In 2017, Duke University Marine Lab launched its first community science research project focusing on marine debris. The year-long interdisciplinary program developed by DUML researchers, local teachers, and community members is intended for fourth and fifth grade classes in Carteret County. After learning about marine debris in their classrooms, students traveled to DUML to go out in the field and collect marine debris in the Rachel Carson Reserve.
This fall we had 19 classes from Morehead City Elementary, White Oak Elementary, and Beaufort Elementary visit DUML to conduct marine debris cleanups (students at Tiller School and St. Egberts are scheduled for this spring). In just three months, we collected 1,802 POUNDS of marine debris. The most abundant item the students collected were cigarette butts with a total of 1,713. Students also collected a total of 638 plastic bags, 427 plastic bottles, 93 plastic straws, and 26 balloons. Some the most unique pieces of marine debris that were collected included a bike handle, a rug, light bulbs, a skateboard, and even a wedding band!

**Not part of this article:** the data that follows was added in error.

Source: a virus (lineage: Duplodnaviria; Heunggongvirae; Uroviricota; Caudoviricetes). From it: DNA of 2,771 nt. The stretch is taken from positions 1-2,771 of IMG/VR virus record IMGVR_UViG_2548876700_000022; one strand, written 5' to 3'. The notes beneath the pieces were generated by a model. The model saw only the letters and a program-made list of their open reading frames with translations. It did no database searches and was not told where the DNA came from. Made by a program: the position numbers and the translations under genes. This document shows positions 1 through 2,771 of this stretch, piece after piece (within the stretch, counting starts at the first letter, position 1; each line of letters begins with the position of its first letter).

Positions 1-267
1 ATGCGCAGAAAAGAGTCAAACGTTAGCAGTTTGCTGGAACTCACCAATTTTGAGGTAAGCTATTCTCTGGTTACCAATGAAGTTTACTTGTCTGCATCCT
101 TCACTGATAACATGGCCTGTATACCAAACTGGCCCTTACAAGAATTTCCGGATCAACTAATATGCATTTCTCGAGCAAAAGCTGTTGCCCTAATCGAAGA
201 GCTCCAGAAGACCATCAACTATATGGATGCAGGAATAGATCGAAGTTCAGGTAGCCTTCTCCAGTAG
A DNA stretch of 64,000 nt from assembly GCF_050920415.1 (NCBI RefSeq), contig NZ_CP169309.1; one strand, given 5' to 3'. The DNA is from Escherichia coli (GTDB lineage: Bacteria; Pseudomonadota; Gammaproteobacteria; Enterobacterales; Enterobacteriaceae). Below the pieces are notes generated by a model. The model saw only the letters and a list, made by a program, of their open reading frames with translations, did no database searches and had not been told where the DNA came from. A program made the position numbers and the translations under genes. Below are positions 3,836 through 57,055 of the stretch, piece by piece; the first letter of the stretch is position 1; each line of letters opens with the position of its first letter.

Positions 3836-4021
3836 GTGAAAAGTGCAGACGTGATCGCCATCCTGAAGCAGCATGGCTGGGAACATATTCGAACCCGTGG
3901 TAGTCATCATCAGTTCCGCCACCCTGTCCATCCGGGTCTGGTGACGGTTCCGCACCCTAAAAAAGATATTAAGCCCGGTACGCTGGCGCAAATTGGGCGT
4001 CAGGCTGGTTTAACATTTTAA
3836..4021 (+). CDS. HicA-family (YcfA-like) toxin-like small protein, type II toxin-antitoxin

The collected marine debris were taken back to DUML to be weighed, cleaned, and sanitized. After picking the pieces of marine debris that were deemed “art-worthy”, the students took them back to their classrooms to make marine debris art mosaics and sculptures.
Thank you to all of the teachers who came to the vision workshop, piloted the program with their classes, and helped launch the marine debris program in their schools!